That was more about human/superhero sex. It would be just as dangerous for a human to sleep with the Flash.

Comment author: Intrazero 12 March 2008 06:27:55AM 2 points [-]

Speaking of interspecies vs intraspecies reproductive fitness evaluation - a human may judge a member of its own species (from a distant end of the genetic spectrum, i.e., whitest of the white vs. blackest of the black) less desirable than some hypothetical alien species with appropriately bulbous forms and necessary orifices or extrusions.

Comment author: bobthechef 26 April 2011 12:58:18PM 0 points [-]

Are you sexually attracted to manikins?

Comment author: DSimon 22 February 2012 05:38:34AM *  2 points [-]

What if the manikins were alive and intelligent?

Comment author: Desertopa 30 June 2008 02:42:33PM 2 points [-]

It's certainly not just sci-fi writers who go for this sort of reasoning. I knew a theology professor who would make mistakes like this on a consistent basis. For example, he would raise questions about whether there was an evolutionary pressure for babies to evolve to be cute, without even considering the possibility that we might evolve to find babies cute. It struck me as being much worse than the sort of unthinking assumption that goes into Attack of the Fifty Foot Whatever sci fi stories, since his preconceptions were actually hindering him in fairly serious attempts to understand the real world.

Comment author: bobthechef 26 April 2011 01:10:30PM 1 point [-]

In case you hadn't noticed, this is a general problem. And you're right, the observer is not some guy speaking from some immutable "neutral point of view" but it's an error made very commonly by certain "scientists" every day. His error was not one of theology, but one commonly made by "evolutionary psychologists". But let's consider this case: if evolution has free dibs on everything, and it lacks any teleological component whatsoever, then what are we to say about your status as a rational being?

Comment author: khafra 26 April 2011 02:37:22PM 2 points [-]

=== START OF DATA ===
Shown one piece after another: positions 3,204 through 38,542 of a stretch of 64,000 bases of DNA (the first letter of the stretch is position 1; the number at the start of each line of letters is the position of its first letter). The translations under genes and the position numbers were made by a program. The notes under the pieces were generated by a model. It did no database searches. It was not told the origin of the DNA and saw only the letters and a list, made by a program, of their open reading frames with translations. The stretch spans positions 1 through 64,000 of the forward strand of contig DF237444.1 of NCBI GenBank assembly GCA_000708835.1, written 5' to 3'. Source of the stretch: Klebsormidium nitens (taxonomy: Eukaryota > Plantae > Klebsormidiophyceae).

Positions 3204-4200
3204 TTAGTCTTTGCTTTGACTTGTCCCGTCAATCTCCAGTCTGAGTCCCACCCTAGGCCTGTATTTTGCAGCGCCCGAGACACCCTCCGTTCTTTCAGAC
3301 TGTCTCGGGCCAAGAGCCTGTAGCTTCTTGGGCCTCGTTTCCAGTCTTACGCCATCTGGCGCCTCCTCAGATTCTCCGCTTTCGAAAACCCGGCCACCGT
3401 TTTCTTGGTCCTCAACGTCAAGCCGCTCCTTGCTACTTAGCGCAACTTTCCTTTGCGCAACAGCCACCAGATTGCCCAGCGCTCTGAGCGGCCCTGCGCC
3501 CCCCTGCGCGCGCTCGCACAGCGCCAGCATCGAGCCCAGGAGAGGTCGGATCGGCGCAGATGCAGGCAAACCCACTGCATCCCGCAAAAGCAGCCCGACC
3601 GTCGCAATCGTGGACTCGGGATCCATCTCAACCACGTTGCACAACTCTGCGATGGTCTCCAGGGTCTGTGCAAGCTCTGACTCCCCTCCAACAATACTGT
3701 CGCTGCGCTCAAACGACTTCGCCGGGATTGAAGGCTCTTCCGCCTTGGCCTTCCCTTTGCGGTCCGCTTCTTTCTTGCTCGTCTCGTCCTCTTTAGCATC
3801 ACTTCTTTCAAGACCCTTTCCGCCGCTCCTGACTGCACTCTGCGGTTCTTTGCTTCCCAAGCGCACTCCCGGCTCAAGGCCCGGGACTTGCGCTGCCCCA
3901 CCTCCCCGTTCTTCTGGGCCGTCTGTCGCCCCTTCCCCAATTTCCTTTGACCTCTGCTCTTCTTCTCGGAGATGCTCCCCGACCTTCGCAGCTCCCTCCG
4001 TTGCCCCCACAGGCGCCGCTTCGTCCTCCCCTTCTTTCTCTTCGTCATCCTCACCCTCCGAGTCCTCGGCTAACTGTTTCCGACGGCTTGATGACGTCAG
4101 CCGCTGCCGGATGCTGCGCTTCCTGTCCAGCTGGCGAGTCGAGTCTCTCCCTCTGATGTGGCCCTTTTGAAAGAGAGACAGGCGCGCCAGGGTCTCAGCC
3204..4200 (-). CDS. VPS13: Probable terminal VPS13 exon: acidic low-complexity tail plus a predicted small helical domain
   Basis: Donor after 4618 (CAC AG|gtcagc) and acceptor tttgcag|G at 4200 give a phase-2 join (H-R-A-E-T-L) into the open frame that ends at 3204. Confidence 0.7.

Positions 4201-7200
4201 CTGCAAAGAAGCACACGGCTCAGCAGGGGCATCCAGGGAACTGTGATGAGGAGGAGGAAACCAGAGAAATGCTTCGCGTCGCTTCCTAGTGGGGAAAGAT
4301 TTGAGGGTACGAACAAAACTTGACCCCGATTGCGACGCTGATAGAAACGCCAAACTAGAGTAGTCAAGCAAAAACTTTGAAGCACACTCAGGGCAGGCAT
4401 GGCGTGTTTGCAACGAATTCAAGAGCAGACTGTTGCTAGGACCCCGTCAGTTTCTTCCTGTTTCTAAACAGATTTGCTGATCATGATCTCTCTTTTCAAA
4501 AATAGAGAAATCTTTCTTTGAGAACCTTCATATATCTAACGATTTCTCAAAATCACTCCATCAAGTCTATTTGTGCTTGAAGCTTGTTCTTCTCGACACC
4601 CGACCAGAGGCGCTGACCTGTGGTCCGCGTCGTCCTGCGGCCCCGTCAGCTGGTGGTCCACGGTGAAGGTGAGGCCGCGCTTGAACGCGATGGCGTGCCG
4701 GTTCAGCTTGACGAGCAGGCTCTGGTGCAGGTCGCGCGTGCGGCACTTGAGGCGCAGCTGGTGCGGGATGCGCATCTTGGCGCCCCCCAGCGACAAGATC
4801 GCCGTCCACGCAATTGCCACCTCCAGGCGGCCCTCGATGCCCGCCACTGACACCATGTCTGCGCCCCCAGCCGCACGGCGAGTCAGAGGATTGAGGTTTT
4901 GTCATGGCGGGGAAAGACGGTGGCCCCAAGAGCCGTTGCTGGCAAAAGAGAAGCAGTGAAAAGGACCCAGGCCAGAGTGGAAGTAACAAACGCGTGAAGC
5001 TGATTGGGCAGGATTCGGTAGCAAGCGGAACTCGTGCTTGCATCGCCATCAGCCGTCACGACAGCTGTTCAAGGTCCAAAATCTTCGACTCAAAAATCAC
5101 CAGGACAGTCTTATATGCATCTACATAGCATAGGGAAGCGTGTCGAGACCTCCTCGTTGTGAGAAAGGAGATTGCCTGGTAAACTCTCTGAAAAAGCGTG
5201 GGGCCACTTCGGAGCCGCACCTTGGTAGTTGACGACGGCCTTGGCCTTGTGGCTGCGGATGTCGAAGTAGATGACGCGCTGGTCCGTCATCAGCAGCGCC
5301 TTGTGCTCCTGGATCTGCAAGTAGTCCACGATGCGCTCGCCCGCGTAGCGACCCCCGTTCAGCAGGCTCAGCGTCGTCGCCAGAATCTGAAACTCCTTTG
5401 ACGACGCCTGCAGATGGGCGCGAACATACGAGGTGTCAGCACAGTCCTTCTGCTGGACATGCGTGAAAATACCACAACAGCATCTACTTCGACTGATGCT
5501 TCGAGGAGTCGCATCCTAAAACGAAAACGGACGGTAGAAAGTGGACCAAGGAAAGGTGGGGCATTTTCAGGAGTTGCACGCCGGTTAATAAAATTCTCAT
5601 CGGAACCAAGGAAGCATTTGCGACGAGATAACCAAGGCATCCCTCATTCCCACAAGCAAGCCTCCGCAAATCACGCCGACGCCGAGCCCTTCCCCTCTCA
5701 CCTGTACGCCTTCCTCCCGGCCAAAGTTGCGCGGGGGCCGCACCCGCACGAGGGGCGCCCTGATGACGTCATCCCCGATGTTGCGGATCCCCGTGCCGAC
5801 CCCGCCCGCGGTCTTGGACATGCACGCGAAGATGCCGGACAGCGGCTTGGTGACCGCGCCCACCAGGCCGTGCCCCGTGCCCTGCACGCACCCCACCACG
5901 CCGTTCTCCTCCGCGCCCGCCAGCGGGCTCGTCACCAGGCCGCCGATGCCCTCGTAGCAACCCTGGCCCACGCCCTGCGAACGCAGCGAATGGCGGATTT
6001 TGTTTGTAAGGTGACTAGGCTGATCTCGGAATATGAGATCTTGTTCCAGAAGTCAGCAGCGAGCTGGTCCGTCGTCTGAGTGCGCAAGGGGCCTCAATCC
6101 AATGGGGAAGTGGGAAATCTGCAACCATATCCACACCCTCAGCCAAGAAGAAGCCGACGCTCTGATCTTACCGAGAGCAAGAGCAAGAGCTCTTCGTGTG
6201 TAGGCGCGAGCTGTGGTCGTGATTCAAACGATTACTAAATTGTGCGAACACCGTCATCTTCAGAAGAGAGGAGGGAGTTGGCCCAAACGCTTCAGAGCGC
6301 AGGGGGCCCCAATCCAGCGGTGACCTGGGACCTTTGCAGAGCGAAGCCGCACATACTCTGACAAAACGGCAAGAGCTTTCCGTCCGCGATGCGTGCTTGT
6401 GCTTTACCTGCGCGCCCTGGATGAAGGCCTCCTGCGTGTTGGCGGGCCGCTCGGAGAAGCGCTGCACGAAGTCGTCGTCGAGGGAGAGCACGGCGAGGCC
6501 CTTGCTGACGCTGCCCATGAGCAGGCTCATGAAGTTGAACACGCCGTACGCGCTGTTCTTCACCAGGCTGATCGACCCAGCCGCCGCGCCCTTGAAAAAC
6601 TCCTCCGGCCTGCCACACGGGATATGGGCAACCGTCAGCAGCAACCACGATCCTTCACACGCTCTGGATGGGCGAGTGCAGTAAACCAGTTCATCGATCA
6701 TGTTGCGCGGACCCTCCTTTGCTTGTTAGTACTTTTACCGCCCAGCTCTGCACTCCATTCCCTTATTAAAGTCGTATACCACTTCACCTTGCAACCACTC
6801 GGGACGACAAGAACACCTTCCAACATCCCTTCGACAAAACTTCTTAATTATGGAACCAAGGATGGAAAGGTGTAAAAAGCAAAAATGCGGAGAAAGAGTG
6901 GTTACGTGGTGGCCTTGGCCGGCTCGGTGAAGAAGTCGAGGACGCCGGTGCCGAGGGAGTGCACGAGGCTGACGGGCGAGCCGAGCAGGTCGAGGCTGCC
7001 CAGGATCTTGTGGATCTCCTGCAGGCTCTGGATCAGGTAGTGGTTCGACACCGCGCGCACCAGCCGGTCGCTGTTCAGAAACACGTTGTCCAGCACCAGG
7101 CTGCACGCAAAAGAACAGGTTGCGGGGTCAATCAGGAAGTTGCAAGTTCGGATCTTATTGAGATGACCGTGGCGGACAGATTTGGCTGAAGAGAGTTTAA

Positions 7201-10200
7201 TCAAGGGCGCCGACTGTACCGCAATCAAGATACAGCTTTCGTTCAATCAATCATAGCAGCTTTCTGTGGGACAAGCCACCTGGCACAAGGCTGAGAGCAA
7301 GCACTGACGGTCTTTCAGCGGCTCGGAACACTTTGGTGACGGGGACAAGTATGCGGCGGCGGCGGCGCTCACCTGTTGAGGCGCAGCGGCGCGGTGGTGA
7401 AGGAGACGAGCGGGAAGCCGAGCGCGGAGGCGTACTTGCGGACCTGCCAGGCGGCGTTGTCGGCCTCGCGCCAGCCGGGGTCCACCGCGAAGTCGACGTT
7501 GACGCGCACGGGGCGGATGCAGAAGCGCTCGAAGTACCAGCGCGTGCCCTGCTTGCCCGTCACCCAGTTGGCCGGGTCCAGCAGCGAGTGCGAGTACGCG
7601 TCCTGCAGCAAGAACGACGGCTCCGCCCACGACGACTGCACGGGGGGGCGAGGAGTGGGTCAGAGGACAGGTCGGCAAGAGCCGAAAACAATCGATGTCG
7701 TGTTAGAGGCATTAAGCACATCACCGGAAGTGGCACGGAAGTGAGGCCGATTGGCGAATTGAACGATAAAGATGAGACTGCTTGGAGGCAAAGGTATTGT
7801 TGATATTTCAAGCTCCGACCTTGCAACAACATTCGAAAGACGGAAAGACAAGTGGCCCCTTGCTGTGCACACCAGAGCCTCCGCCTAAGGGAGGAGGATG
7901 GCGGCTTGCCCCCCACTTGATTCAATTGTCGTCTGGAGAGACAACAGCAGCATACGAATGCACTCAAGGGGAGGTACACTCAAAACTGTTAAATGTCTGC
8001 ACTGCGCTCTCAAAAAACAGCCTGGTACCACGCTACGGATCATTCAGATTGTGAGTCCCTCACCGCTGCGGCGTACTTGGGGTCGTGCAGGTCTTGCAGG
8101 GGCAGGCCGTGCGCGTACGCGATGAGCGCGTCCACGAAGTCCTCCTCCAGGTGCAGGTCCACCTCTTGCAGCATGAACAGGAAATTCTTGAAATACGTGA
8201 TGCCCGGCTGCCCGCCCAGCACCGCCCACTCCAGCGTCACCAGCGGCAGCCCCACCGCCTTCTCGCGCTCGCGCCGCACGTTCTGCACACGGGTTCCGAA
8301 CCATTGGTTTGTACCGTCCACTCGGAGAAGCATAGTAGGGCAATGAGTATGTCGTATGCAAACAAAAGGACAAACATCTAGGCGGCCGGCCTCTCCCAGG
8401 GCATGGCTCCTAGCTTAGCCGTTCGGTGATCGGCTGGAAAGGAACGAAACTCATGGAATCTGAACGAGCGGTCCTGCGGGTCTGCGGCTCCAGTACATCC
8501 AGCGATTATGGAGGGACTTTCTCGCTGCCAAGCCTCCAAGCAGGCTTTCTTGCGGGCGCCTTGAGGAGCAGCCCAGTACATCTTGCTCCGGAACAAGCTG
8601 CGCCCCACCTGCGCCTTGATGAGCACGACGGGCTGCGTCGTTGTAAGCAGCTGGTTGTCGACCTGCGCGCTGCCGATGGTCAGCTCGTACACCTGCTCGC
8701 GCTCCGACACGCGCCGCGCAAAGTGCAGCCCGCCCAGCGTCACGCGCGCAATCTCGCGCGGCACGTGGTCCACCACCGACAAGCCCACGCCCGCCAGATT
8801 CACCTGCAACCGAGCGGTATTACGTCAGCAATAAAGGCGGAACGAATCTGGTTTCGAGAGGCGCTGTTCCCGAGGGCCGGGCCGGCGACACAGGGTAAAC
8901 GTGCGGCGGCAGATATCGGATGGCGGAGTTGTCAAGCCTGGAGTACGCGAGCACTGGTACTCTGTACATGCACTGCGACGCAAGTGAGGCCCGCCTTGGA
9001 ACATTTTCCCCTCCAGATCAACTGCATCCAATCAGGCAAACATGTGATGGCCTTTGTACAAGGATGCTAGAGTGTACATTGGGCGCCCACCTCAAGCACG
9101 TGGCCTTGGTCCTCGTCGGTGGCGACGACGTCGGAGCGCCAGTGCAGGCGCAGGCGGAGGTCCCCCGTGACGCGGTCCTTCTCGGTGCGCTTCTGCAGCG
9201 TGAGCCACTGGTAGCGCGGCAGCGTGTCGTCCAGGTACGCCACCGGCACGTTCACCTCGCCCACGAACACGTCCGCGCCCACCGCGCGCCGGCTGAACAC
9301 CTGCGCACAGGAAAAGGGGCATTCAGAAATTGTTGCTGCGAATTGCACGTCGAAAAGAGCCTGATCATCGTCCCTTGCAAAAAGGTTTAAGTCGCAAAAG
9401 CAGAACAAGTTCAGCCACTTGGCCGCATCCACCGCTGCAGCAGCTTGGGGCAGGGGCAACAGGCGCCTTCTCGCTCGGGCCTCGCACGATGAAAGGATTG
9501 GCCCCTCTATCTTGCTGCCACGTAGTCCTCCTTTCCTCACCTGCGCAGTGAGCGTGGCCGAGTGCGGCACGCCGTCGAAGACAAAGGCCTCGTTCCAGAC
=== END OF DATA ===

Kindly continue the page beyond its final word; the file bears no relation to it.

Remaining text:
First, welcome to Lesswrong! If you'd like to introduce yourself, the 2010 thread is still active.

You've asked some interesting questions on this thread--unfortunately, Desertopa is the only one of your potential interlocutors I know to be active on this site. Even Desertopa may be reluctant to respond because your tone ("In case you haven't noticed") could be construed as combative, and we try to avoid that because emotionally identifying with one side of an argument leads to biases.

Regarding your question in the last sentence: there are a few posts addressing the rationality of intelligences generated by a blind idiot god on LW: The Lens That Sees its Flaws is one of my favorites.

Comment author: DanielLC 23 February 2012 04:37:24AM 1 point [-]

There may also be evolutionary pressure for babies to evolve to be cute.

There's certainly evolutionary pressure for males to be sexy. Some species have pretty bizarre looking males.

Comment author: gwern 27 April 2009 12:01:46AM *  1 point [-]

> "E. T. Jaynes used the term Mind Projection Fallacy to denote the error of projecting your own mind's properties into the external world."

URL is dead for me: http://citeseerx.ist.psu.edu/viewdoc/summary?doi=10.1.1.40.8618 says "This url does not match any document in our repository."

Comment author: Cyan2 27 April 2009 03:53:49AM 0 points [-]

I don't know what document that link originally pointed to, but this document contains one of Jaynes's earliest (if not the earliest) descriptions of the idea.

Comment author: SC 20 May 2009 02:42:51AM 2 points [-]

I know this is incidental, but I am dying of curiosity about the story of the Plant-Guy/Human-Guy... would you mind giving the reference ?

Comment author: xrchz 01 November 2009 02:11:21AM 0 points [-]

Is "the world is full of people" an example of the mind-projection fallacy? (Compare to "we can both recognize the pattern 'person' at a high-level in our multi-leveled models of levelless reality")

Comment author: bobthechef 26 April 2011 01:26:47PM -2 points [-]

Why would it be? It's an ontological statement about the existence of many instances of what you have identified as persons. It doesn't attribute anything to them. And following your pseudotechnical jargon, why would you presume the pal you're speaking to ("we both recognize...") is nothing but another instance of this "pattern"? Your biased. You're exempting someone because you want them to be a person.

Comment author: falenas108 17 February 2011 03:13:02AM 2 points [-]

I just thought the Less Wrong community should know that a few minute ago, I was having trouble remembering the name of this fallacy, but I vaugely remembered the content of this post. So, I decided to use the search engine on this site to find this. I typed in "sexy," and this is the first thing that came up.